Identification of incidence prostate cancer cases was accomplished through the tumor registries of the Surveillance, Epidemiology and End Results (SEER) Program of the National Cancer Institute covering Hawaii and California. For this nested case-control study, cases were defined as men who were diagnosed with invasive prostate cancer after blood collection up to the time of sample shipment in May 2006: the average length of time between blood collection and cancer diagnosis was 1.9 years. Advanced prostate cancers were defined as all cancers that were regional or metastatic (not in situ or localized). High-grade prostate cancers were based on Gleason score ≥7 (categorized as poorly differentiated). During the follow-up period, 467 eligible prostate cancer cases were identified. For each case, two controls were randomly selected from a pool of potential controls in the biorepository who were alive and free of prostate cancer at the age of the case’s diagnosis and who matched the case on location (Hawaii or California), race/ethnicity, birth year (±1 year), date of blood draw (±6 months), time of blood draw (±2 hours), and fasting hours (0 to <6, 6 to <8, 8 to <10, and ≥10 hours). Of 467 cases, 392 had fasting blood samples available for analysis (including 134 advanced or high-grade prostate cancer cases and 248 localized cases without a high-grade tumor). Of their 784 matched controls, one did not have a sample available for analysis. Therefore, 392 cases and 783 controls were included in analyses.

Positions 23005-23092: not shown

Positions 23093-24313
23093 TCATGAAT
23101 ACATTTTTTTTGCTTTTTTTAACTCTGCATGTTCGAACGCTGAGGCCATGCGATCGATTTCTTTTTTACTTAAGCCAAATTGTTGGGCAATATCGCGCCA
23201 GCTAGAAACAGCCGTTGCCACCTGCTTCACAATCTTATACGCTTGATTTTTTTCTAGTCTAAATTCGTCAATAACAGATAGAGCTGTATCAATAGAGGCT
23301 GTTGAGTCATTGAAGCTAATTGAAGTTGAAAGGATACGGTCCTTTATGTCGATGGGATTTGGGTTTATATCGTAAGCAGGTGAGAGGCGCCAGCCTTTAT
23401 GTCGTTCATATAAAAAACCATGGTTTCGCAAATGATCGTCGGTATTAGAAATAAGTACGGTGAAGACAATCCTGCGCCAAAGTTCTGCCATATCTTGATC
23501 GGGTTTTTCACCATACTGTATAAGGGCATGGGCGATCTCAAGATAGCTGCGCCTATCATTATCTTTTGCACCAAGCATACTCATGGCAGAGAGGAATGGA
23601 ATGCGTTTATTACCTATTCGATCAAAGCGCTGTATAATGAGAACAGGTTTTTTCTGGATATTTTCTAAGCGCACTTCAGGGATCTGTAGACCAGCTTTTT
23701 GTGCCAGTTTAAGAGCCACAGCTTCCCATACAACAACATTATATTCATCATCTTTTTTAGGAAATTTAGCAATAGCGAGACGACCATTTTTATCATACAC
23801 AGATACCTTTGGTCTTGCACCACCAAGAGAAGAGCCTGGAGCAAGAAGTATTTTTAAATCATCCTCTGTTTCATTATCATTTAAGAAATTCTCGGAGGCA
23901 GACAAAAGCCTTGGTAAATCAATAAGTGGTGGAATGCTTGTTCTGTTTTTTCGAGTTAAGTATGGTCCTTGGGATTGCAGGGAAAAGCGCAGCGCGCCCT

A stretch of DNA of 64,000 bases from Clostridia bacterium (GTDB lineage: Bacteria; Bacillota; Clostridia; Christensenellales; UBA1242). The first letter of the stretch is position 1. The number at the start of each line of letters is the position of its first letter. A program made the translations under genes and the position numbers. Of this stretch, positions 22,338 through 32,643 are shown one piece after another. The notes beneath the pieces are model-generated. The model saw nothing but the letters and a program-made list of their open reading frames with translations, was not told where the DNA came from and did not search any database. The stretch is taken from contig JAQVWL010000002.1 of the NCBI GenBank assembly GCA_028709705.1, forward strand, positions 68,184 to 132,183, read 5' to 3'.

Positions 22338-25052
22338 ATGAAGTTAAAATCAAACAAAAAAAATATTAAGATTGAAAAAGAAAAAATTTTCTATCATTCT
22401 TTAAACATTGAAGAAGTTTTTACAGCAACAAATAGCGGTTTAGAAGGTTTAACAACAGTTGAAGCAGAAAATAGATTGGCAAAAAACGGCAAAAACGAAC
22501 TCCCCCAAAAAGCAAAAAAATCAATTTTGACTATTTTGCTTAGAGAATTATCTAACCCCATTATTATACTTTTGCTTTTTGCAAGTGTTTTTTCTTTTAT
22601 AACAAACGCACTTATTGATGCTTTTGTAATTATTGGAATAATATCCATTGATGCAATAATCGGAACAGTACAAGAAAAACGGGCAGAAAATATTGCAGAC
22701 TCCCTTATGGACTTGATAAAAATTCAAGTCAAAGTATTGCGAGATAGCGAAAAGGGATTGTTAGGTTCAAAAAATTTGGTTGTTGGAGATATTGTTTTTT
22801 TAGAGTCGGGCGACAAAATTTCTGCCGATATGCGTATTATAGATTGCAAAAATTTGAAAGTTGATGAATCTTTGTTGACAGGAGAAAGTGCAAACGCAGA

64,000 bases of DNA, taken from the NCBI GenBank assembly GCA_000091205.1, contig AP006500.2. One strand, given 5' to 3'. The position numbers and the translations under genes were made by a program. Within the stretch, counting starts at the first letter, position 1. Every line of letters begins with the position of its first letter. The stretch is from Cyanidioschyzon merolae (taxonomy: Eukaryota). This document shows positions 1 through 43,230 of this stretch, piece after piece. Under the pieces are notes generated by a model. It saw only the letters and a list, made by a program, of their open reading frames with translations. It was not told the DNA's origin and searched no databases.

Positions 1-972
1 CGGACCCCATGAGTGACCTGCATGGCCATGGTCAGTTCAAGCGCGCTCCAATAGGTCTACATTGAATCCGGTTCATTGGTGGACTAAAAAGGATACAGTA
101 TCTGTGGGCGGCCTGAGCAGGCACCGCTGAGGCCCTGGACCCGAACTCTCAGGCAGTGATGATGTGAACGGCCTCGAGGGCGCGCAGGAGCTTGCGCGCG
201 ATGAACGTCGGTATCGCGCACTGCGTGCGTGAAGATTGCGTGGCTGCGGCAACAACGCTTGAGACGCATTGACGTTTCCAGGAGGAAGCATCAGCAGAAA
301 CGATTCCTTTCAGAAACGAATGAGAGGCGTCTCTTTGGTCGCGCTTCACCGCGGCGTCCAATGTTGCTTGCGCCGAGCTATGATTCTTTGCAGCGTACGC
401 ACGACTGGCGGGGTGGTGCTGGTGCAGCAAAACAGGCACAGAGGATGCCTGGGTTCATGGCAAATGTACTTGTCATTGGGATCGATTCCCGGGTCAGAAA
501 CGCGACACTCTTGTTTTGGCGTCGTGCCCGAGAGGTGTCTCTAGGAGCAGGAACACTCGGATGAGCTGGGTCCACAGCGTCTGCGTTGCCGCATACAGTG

Serum Zinc Assay

Serum samples were thawed and 100 microliters from each was gravimetrically transferred to a pre-cleaned sample tube and digested at 60°C using a sonicator in the presence of 300 microliters of Optima nitric acid (Thermo Fisher, Pittsburgh, PA) and 100 microliters of Fluka Trace Select hydrogen peroxide (Sigma-Aldrich, St. Louis, M). The digested samples were diluted to 10 milliliters, internal standards were added, and the zinc concentration was quantified using a Plasma Quad III ICP-MS (Thermo Scientific, Waltham, MA) from both the 64Zn and 66Zn stable isotopes. All data are corrected based on the internal standard with zinc concentrations determined by standard comparison. NIST SRM 909b, Level II, Lyophillzed Human Serum (National Institutes of Standards and Technology, Besthesda, MD) was analyzed as a quality control sample with every analysis batch.

Statistical Analyses